“Legal advice confirms that council is not able to discriminate between buyers as the offer and acceptance dictum operates. We would therefore need to cease sales to everyone and not just the developer.
“We could, however, allow no further options to be approved to the developer. The developer has advised that this would not enable him to package appropriately, that he therefore would not put such packages together with the result that sales would cease.”
Mr Green has recommended councillors agree to the offer of Real Gold and place call options on the balance of the unsold lots in the Reeves Estate for a period of 120 days.
Mr Schulz said council had abandoned the three families already living in the estate.
“We’re not happy that the families who purchased lots from council in good faith are to be encased by 48 properties in a rental village,” he said.
“Our property value has already plummeted. Two of the councillors at the special meeting felt council had a moral obligation to us, after advertising the estate as a premier housing estate, but all the other councillors present seemed to have no concerns for our situation.
“We want council to block the sale of the remaining lots, to at least give Reeves Estate the chance to re-establish itself into a ‘normal’ small country town housing estate.”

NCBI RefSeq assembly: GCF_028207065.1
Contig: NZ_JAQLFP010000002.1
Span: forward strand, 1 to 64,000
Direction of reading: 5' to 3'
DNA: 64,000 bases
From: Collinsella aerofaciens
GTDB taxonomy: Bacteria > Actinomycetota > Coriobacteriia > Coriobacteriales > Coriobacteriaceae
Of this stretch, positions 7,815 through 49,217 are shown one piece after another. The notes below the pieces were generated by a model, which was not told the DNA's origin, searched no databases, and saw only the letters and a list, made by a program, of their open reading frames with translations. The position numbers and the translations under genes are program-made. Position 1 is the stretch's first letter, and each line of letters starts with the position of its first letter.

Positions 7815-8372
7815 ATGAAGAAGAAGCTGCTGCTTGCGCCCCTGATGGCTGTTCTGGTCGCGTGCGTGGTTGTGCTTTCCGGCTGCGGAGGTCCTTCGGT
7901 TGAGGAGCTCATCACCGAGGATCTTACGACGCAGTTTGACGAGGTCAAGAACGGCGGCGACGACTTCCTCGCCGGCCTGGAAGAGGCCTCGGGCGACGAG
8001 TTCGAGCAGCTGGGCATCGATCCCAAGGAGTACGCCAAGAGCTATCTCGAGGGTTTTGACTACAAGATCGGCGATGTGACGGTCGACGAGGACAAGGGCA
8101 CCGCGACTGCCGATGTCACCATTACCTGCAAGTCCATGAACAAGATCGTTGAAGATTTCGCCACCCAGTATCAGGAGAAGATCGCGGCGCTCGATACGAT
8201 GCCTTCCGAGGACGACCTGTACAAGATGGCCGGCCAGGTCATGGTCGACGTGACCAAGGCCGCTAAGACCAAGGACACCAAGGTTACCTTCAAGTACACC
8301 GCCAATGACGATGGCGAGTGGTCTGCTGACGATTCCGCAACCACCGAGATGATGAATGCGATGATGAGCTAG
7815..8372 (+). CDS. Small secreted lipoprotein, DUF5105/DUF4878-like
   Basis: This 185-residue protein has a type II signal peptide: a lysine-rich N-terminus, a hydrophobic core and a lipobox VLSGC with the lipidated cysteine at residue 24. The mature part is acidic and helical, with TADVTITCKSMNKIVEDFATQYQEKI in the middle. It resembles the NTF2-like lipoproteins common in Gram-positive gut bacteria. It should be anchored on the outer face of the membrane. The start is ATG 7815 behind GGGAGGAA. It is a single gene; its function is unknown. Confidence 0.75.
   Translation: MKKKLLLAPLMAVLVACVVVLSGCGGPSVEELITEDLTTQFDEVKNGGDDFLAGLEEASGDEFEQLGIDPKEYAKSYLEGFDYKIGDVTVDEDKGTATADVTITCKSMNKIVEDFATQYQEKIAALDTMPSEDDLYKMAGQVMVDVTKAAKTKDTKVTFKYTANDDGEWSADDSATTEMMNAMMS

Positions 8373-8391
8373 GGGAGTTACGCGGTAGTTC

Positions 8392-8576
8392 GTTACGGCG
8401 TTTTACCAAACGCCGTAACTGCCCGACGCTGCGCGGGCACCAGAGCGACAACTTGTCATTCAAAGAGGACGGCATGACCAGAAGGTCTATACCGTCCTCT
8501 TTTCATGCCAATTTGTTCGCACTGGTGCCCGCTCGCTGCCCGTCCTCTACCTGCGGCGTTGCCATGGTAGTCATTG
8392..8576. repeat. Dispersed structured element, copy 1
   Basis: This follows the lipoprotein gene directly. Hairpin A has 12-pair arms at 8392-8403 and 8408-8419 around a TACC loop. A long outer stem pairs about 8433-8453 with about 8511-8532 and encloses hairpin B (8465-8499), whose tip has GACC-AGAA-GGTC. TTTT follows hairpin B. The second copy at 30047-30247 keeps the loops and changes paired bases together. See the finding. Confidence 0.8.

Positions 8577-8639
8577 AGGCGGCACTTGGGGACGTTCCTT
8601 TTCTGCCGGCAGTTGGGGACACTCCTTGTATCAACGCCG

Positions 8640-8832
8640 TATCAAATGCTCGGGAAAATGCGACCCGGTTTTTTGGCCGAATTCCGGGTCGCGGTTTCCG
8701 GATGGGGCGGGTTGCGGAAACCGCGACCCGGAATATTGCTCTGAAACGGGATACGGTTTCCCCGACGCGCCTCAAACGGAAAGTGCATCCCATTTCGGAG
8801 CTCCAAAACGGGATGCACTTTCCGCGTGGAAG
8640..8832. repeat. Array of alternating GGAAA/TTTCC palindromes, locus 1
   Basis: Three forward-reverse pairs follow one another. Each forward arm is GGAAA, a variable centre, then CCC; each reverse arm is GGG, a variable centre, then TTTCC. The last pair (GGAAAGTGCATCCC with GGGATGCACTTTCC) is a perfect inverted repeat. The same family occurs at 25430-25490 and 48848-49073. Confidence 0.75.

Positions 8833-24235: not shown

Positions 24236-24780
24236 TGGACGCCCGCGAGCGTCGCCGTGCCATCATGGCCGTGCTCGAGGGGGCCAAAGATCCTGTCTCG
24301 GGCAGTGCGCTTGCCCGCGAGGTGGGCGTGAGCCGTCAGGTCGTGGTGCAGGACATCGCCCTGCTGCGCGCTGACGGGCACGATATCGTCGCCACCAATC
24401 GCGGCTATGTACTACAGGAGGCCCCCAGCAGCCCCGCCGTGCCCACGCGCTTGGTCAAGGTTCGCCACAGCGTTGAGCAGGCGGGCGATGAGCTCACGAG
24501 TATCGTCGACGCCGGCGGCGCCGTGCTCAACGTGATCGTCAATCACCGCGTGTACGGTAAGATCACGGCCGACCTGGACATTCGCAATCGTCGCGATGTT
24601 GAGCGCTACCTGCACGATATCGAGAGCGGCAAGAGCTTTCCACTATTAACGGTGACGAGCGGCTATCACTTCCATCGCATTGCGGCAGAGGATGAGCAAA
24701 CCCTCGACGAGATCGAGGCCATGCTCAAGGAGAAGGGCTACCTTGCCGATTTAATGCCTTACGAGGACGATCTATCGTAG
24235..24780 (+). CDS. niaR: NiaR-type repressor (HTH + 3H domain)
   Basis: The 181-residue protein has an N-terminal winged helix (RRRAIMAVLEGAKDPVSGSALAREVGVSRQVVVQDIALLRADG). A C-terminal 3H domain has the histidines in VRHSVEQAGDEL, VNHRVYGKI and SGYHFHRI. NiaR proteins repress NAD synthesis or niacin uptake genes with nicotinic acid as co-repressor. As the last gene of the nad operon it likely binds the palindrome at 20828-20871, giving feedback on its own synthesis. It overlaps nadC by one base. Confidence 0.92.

Builder Neil Lyford said the first 10 homes in the development were expected to be tenanted within the next month.
“The homes will be leased on the open market, with all applicants considered,” he said.
“The properties feature a choice of nine different designs which will appeal to a wide range of tenants.”
The remaining 17 homes are currently with council for development approval and are expected to be finished by the end of the year.
Mr Lyford said all the homes were brick veneer with four bedrooms, a double lock-up garage and open plan living spaces, along with outdoor entertainment areas.
The homes are expected to reap about $340 to $360 per week in rent for their owners but Mr Schulz is not so certain.
“What have they told their investors? What mining and resource boom? Hunter Valley mining is in decline,” he said.
“Will locals jump at the chance of paying rents of $350 per week?”